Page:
Amy Poehler is here to fight for your right to be an idiot

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Moya Crockett
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Over the course of her decades-long career, Amy Poehler has shown that she can be all kinds of funny. She stole every scene she was in as Regina George’s gum-snapping, constantly-winking ‘cool mom’ in Mean Girls, while her seven-year stint on Saturday Night Live revealed her to be a killer impressionist. And in Parks and Recreation, her performance as Leslie Knope proved she could embody female characters who are a million things at once: hilarious and serious, silly and sincere, professional and inept, selfless and ruthlessly ambitious.

In Poehler’s new film, The House, she stars alongside Will Ferrell as one half of a middle-aged couple who – upon realising they’ve accidentally spent their teenage daughter’s college fund – open an illegal casino to make the money back. (Because sure.) It’s a big, sweary, slapstick summer comedy, featuring frequent deployment of the f-bomb and a particularly bloody scene in which Ferrell accidentally chops off a man’s thumb.

It’s not a particularly highbrow role: Poehler’s character, Kate, is the kind of woman who hungover-vomits while shopping and warns a man that she’ll “chop his d*** off”. However, the 45-year-old actor and comedian says that she thinks it’s important that women are given the space to be just as gross and goofy as men.

“We wanted to make sure they’re both idiots together because if there’s one thing I will fight for it’s for women to be just as idiotic as men,” Poehler tells Refinery29.

She adds that both she and Ferrell were against the idea of the ‘wife’ character being cast as the nagging, sensible foil to her funny, immature husband – a trope that we see in comedies from The Hangover to The Simpsons.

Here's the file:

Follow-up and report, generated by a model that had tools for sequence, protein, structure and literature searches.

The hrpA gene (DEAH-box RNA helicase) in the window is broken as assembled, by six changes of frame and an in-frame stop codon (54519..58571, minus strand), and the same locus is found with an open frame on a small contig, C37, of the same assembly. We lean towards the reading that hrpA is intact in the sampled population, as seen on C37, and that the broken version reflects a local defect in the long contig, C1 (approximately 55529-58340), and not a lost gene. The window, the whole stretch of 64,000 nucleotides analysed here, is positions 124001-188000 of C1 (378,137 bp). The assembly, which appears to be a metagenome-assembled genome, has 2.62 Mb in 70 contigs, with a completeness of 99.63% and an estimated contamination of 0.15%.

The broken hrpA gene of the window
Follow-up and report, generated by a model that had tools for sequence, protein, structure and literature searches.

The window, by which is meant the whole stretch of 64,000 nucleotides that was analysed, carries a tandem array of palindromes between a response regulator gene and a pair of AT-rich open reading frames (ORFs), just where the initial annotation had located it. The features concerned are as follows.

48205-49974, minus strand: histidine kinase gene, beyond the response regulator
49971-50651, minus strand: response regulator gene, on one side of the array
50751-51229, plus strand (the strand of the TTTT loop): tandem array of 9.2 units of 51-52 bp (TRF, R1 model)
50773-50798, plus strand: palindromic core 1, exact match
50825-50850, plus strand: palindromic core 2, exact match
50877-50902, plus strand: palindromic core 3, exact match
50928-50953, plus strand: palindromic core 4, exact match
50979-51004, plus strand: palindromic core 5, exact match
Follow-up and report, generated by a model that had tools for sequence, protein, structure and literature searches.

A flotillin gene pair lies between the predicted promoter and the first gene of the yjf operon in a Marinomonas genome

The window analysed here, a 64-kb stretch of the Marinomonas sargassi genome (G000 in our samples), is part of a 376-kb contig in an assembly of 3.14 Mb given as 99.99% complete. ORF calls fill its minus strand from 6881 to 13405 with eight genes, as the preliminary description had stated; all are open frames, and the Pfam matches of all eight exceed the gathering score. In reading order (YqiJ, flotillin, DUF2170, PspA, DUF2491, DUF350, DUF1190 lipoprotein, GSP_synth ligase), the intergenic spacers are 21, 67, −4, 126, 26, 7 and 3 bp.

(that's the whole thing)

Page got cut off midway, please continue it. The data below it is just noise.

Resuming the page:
“It was important for us to play characters that were a team,” says Poehler. “Oftentimes [in comedies] we find the husband has this great plan and the wife is like, ‘Come on you guys, stop having fun!’”

While Poehler and Ferrell’s on-screen marriage involves rather more violence and illegal gambling than most relationships, she says that she thinks real-life couples could take inspiration from The House.

“Their marriage is pretty strong because they’re delighted by each other and they know each other’s limitations which, in real life, is important in any good relationship,” she says.

Poehler isn’t the first actress to highlight the problem with the sexist film cliché of the nagging wife or girlfriend. Back in 2008, Katherine Heigl questioned how women were portrayed in Knocked Up. Heigl starred as the highly-strung girlfriend of Seth Rogen’s sloppy buffoon in the Judd Apatow movie, while Leslie Mann played Paul Rudd’s controlling wife.

“It paints the women as shrews, as humourless and uptight,” Heigl told Vanity Fair, “and it paints the men as lovable, goofy, fun-loving guys.

“It exaggerated the characters, and I had a hard time with it on some days. I'm playing such a bitch. Why is she being such a killjoy? Why is this how you're portraying women?”

Images: Rex Features


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Moya Crockett

Moya is Contributing Women’s Editor at and Deputy Editor of Stylist Loves, Stylist's daily email newsletter.